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R. Micheal, A. Lenferink, G. F. J. M. Vrensen, E. Gelpi, R. I. Barraquer, and C. Otto, “Hyperspectral Raman imaging of neuritic plaques and neurofibrillary tangles in brain tissue from Alzheimer’s disease patients,” Sci. Rep. 7(1), 15603 (2017).
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B. Baumann, A. Woehrer, G. Ricken, M. Augustin, C. Mitter, M. Pircher, G. G. Kovacs, and C. K. Hitzenberger, “Visualization of neuritic plaques in Alzheimer’s disease by polarization-sensitive optical coherence microscopy,” Sci. Rep. 7(1), 43477 (2017).
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2016 (2)

2015 (3)

Y.-C. Chen, H.-C. Hsu, C.-M. Lee, and C.-K. Sun, “Third harmonic generation susceptibility spectroscopy in free fatty acids,” J. Biomed. Opt. 20(9), 095013 (2015).
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J. Kiskis, H. Fink, L. Nyberg, J. Thyr, J.-Y. Li, and A. Enejder, “Plaque-associated lipids in Alzheimer’s diseased brain tissue visualized by nonlinear microscopy,” Sci. Rep. 5(1), 13489 (2015).
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2013 (1)

S. E. Crowe and G. C. R. Ellis-Davies, “In vivo charactierization of a bigenic fluorescent mouse models of Alzheimer’s disease with neurodegeneration,” J. Comp. Neurol. 521(10), 2181–2194 (2013).
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2012 (2)

V. Daebel, S. Chinnathambi, J. Biernat, M. Schwalbe, B. Habenstein, A. Loquet, E. Akoury, K. Tepper, H. Muller, M. Baldus, C. Griesinger, M. Zweckstetter, E. Mandelkow, V. Vijayan, and A. Lange, “β-sheet core of tau paired helical filaments revealed by solid-state NMR,” J. Am. Chem. Soc. 134(34), 13982–13989 (2012).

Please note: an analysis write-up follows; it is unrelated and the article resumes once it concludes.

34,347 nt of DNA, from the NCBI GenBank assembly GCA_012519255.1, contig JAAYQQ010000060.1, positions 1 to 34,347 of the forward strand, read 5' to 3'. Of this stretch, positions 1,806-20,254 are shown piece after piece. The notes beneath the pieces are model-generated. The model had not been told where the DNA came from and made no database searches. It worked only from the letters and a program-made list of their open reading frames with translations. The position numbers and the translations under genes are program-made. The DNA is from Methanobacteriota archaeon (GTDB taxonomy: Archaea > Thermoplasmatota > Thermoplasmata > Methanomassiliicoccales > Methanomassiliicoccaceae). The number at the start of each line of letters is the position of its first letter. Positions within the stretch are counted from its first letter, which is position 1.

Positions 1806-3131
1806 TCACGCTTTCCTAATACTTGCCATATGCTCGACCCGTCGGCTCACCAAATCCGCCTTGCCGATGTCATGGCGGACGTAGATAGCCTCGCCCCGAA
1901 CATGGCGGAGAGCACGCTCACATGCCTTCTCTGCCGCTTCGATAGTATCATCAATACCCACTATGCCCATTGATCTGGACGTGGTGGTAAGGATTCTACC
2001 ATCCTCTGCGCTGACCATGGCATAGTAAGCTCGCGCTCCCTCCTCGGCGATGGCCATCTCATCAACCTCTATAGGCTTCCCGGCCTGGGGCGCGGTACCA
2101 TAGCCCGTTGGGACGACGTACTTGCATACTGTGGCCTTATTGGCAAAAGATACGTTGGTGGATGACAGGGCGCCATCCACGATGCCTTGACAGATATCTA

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D. P. Brown, M. A. Walker, A. M. Urbas, A. V. Kildishev, S. Xiao, and V. Drachev, “Direct measurement of group delay dispersion in metamagnetics for ultrafast pulse shaping,” Opt. Express 20(21), 23082–23087 (2012).
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2011 (6)

M.-R. Tsai, S.-Y. Chen, D.-B. Shieh, P.-J. Lou, and C.-K. Sun, “In vivo optical biopsy of human oral mucosa with harmonic generation microscopy,” Biomed. Opt. Express 2(8), 2317–2328 (2011).
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S. Witte, A. Negrean, J. C. Lodder, C. P. J. de Kock, G. T. Silva, H. D. Mansvelder, and M. L. Groot, “Label-free live brain imaging and targeted patching with third-harmonic generation microscopy,” Proc. Natl. Acad. Sci. 108(15), 5970–5975 (2011).
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J. W. Lichtman and W. Denk, “The big and the small: challenges of imaging the brain’s circuits,” Science 334(6056), 618–623 (2011).
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N. Yamamoto, H. Tsuchiya, and R. M. Hoffman, “Tumor imaging with multicolor fluorescent protein expression,” Int. J. Clin. Oncol. 16(2), 84–91 (2011).
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P. Campagnola, “Second harmonic generation imaging microscopy: applications to disease diagnostics,” Anal. Chem. 83(9), 3224–3231 (2011).
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M. J. Farrar, E. W. Wise, J. R. Fetcho, and C. B. Schaffer, “In vivo imaging of myelin in the vertebrate central nervous system using third harmonic generation microscopy,” Biophys. J. 100(5), 1362–1371 (2011).
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2010 (3)

R. Sterniczuk, M. C. Antle, R. Laferla, and R. H. Dyck, “Characterization of the 3xTg-AD mouse model of Alzheimer’s disease: Part 2. Behavioral and cognitive changes,” Brain Res. 1348, 149–155 (2010).
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S.-Y. Chen, S.-U. Chen, H.-Y. Wu, W.-J. Lee, Y.-H. Liao, and C.-K. Sun, “In vivo virtual biopsy of human skin by using noninvasive higher harmonic generation microscopy,” IEEE J. Sel. Top. Quantum Electron. 16(3), 478–492 (2010).